Marks & Spencer’s transgender policy which allows men who identify as women to use female changing rooms ‘puts women and girls at risk’ from voyeurs, say campaigners
- Liz Truss says shops entitled to deny male-born people access to female spaces
- Equalities Minister plans to issue new guidance on ‘trans-inclusive’ policies
- Single-sex space campaigner Baroness Emma Nicholson wrote to M&S chairman
- Warned policy puts women and girls at risk of being spied on by sexual predators
Marks & Spencer’s practice of allowing men who identify as women to use female changing rooms is at odds with the law and could encourage voyeurism, the high street giant has been told.
It follows the clearest statement yet from Equalities Minister Liz Truss that the Government is rejecting ‘trans-inclusive’ policies that some believe threaten women’s rights.
M&S has faced protests from customers for opening its female changing rooms to anyone who describes themselves as a woman.
Campaigners have suggested Marks & Spencer’s practice of allowing men who identify as women to use female changing rooms could encourage voyeurism
Feminist campaigners say shops and other organisations have been misled by trans rights activists who claim equality laws mean they must accept male-born ‘self-identifying’ women as female or face allegations of illegal discrimination.
The retailer has defended its approach, insisting ‘as an inclusive retailer and in line with most other retailers, we allow customers the choice of fitting room in respect of how they identify themselves’.
The erosion of single-sex services in the name of trans rights is understood to be of growing concern to Ministers and Tory MPs.
Ms Truss has now made clear that shops and service providers are legally entitled to deny male-born people access to female spaces and plans to issue new guidance.
Equalities Minister Liz Truss said the Government is rejecting ‘trans-inclusive’ policies that some believe threaten women’s rights
In a letter published by her office, she said: ‘I have made my commitment to protecting single-sex spaces for women and girls clear.
‘Zero tolerance’ for mixed wards
NHS rules allowing male-born trans women to use female wards are set to be rewritten as Ministers demand a ‘zero tolerance’ approach to mixed-sex arrangements in the health service.
Health Minister Lord Jim Bethell has revealed that controversial rules introduced last year could be changed again after a backlash from feminists and patient groups.
In September, guidance for hospital trusts said people with male genitals could be accommodated on female wards if they describe themselves as women. The document was criticised by feminist groups and some Tory MPs, prompting Lord Bethell to signal a review.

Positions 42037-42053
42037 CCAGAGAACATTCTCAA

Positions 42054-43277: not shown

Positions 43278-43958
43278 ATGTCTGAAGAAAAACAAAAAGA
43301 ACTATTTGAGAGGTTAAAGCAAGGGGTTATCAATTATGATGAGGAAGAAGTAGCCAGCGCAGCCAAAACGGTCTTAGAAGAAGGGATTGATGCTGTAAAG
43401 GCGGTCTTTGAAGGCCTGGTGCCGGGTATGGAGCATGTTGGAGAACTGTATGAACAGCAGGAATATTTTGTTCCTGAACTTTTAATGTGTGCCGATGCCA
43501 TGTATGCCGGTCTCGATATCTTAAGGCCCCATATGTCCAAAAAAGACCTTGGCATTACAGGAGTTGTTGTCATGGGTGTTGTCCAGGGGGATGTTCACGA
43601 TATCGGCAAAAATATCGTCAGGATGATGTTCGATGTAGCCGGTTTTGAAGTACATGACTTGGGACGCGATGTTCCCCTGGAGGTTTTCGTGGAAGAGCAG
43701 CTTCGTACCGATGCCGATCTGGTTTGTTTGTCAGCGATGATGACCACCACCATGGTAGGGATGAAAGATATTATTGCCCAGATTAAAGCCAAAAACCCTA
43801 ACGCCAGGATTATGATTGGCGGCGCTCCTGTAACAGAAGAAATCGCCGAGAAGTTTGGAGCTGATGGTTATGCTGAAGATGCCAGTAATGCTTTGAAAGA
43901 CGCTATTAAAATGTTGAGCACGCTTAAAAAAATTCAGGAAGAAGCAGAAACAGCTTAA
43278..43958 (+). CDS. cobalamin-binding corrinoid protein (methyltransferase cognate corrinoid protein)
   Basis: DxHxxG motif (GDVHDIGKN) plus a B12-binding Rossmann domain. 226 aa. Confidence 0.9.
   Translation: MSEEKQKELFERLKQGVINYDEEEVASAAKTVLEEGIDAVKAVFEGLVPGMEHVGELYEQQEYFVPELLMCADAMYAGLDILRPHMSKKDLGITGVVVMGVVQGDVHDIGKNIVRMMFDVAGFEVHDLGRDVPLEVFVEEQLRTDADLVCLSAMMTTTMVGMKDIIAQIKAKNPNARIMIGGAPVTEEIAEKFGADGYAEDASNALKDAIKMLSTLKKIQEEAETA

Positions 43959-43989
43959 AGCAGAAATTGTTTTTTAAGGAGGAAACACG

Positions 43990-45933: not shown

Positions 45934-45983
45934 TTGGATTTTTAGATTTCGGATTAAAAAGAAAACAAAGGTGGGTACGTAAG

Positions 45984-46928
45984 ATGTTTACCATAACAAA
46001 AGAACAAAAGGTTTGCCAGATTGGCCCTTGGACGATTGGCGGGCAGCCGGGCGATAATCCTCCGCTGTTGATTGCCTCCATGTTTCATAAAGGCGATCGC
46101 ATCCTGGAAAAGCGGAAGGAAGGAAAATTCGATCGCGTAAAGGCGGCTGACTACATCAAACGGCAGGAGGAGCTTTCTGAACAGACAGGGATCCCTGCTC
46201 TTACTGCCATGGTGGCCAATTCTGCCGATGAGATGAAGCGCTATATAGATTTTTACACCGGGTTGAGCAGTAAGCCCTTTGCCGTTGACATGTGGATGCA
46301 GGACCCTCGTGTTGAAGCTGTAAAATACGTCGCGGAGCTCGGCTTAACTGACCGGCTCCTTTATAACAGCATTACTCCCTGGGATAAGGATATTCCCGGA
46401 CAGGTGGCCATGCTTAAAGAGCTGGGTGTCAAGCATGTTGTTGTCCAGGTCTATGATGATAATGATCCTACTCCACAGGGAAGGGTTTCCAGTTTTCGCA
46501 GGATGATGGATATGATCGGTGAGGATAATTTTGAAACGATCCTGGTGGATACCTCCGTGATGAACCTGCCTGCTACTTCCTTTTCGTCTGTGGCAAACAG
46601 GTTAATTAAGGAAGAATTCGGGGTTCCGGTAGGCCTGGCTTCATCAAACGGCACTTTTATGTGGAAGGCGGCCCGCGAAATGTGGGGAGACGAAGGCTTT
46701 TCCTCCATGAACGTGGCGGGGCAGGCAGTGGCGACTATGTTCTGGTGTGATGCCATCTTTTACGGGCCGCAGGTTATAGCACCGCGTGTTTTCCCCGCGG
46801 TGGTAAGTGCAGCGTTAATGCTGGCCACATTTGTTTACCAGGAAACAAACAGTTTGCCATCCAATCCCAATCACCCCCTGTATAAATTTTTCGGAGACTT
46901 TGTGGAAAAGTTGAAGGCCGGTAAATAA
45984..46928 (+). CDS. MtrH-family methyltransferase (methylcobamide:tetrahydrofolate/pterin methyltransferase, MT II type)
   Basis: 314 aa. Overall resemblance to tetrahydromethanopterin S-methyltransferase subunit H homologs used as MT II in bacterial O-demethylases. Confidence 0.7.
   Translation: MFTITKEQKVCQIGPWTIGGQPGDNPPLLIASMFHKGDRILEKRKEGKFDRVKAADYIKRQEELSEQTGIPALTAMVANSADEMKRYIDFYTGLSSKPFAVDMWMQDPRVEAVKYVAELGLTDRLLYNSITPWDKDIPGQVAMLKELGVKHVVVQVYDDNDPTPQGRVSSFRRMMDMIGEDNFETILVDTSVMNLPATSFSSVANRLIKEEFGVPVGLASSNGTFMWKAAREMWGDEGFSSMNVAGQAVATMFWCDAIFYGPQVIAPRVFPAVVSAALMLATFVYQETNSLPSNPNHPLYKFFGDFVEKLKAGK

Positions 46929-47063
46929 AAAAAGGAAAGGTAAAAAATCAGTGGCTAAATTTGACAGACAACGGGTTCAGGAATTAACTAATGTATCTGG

In a written statement to the Lords, he said: ‘The guidance is clear that providers of National Health Service-funded care are expected to have a zero-tolerance approach to mixed-sex accommodation, except where it is in the overall best interest of all patients affected.’
‘As part of this work I will ensure that Government guidance gives a clear message to service providers, schools and others, putting their ability to provide single-sex spaces beyond doubt.’
The letter was cited by Baroness Emma Nicholson, a Lib Dem peer who campaigns for single-sex spaces, in a dossier that she sent to M&S warning its stance on changing rooms is wrong and potentially harmful.
In a letter to M&S chairman Archie Norman, she claimed M&S had ‘misunderstood’ the law on equality and single-sex spaces. Referring to Ms Truss’s statements on trans issues, she told Mr Norman: ‘I believe you may wish to follow the Government’s line and resume single-sex spaces for the changing rooms in your stores.’
She also warned that allowing anyone who says they are a woman to enter female changing areas puts women and girls at risk of being spied on and photographed by sexual predators.
‘Since changing of clothes can lead to voyeurism, newer legislation (the upskirting law) calls this laxness of provision into question,’ she wrote.
M&S said it had assured Baroness Nicholson its fitting rooms ‘provide secure and private spaces’ with individual lockable cubicles.
‘We recognise customers will self-identify and respect their right to choose the fitting rooms they feel comfortable in.’
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